3. Two questions have been argued by Mr. Nambiar in this second appeal on behalf of the plaintiff: (i) The kanom demise in favour of the plaintiff is valid though it was executed by two uralans because it was subsequently assented to by the Karnavan of Erambala tarwad in 1928 and it does not appear that Thiyancheri Keloth tarwad appeared to have taken part in the management; (ii) Defendant 1 himself having obtained the lease from the two uralans from whom the plaintiff obtained the kanom and subsequently paid rent to him without any protest, is estopped from disputing his title and is bound to surrender possession to him.
4. In regard to the right of trusteeship of the devaswom, it is not open to Mr. Nambiar in second appeal to canvass the finding of fact arrived at by both the lower Courts that it is vested in four uralans being the karnavans for the time being for the four different tarwads already referred to. So this case must be dealt with on the footing that there are four uralans for the devaswom. It is also clear from the evidence that the kanom demise in favour of the plaintiff was executed by the two uralans without reference to the remaining two uralans. The question under such circumstances is, is the kanom valid and does it confer any right on the plaintiff? In the case of private trusts it is the accepted principle of law that the act of the majority of the trustees cannot bind the minority or the trust estate and in order to bind it, the act must be the act of all. Any transfer or alienation of trust property by a majority of the trustees cannot confer any right in the transferee or alienee, even though made in the interests of the trust estate. In Perry 'On Trusts' the law is thus stated:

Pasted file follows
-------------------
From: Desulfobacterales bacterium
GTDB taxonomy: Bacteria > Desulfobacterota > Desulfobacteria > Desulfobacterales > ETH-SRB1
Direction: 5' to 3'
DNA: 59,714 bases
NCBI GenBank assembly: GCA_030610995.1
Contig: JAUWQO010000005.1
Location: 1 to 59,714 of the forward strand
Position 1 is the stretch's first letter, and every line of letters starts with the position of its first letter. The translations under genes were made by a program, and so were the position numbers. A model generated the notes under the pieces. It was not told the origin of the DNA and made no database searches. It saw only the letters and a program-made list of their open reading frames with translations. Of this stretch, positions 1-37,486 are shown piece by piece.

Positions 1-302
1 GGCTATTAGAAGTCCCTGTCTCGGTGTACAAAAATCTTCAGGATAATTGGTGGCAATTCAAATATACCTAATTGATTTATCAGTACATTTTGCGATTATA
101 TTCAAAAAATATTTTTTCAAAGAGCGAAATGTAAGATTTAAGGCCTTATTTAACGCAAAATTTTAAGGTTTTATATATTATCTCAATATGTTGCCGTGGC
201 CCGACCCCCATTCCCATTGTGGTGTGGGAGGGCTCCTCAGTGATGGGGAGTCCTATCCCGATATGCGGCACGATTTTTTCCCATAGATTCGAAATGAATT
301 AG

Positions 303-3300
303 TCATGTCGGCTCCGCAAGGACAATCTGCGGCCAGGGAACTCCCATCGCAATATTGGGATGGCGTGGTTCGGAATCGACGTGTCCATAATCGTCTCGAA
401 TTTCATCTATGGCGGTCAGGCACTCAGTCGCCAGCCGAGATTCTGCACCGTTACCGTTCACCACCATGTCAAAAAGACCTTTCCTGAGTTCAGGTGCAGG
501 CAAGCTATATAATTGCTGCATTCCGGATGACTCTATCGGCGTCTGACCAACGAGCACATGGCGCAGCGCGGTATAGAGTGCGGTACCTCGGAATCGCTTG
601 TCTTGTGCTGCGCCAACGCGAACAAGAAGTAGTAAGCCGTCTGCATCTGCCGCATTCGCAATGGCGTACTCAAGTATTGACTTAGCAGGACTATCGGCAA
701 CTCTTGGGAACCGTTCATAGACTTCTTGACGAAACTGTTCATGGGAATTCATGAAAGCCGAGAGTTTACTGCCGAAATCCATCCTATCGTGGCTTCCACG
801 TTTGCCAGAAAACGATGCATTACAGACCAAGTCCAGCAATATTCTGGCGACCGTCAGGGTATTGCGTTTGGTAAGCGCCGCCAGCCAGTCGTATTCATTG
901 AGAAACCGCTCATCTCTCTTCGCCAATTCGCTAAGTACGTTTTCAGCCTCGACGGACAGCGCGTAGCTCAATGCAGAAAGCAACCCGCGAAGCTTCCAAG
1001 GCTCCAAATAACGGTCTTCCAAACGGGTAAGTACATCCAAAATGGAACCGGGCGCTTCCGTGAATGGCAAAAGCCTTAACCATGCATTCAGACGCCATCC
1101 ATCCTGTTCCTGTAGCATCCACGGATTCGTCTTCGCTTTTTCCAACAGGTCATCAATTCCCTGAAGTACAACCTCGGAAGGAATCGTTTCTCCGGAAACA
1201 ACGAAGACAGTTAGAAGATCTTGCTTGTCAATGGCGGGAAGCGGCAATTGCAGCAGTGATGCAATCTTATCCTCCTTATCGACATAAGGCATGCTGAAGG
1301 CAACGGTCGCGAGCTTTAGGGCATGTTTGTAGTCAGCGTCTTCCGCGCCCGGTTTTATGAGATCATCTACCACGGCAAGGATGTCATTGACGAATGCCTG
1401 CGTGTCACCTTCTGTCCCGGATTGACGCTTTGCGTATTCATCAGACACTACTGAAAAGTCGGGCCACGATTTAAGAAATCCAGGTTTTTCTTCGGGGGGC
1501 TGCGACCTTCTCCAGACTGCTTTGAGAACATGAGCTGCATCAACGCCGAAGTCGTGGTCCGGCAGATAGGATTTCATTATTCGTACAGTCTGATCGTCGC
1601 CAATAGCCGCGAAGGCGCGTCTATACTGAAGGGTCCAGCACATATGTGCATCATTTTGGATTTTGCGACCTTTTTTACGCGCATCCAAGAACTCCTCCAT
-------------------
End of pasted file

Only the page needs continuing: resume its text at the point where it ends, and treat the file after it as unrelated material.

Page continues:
It seems well to note an important difference between cases where a trustee ignored his cotrustee in attempts to dispose of or bind the trust property and oases where he assumed to act as agent for his co-trustees since the necessary participation of all the trustees may be by agency of one. The attempted disposal in oases of the former kind is entirely nugatory. Thus a lease of trust property signed by only one of two trustees is inoperative and cannot be ratified, since it does not purport to bind the other joint tenant. The same is true of an assignment of a bond and mortgage by less than the whole number of trustees: Vol. 1, p. 661, Section 411, footnote (a).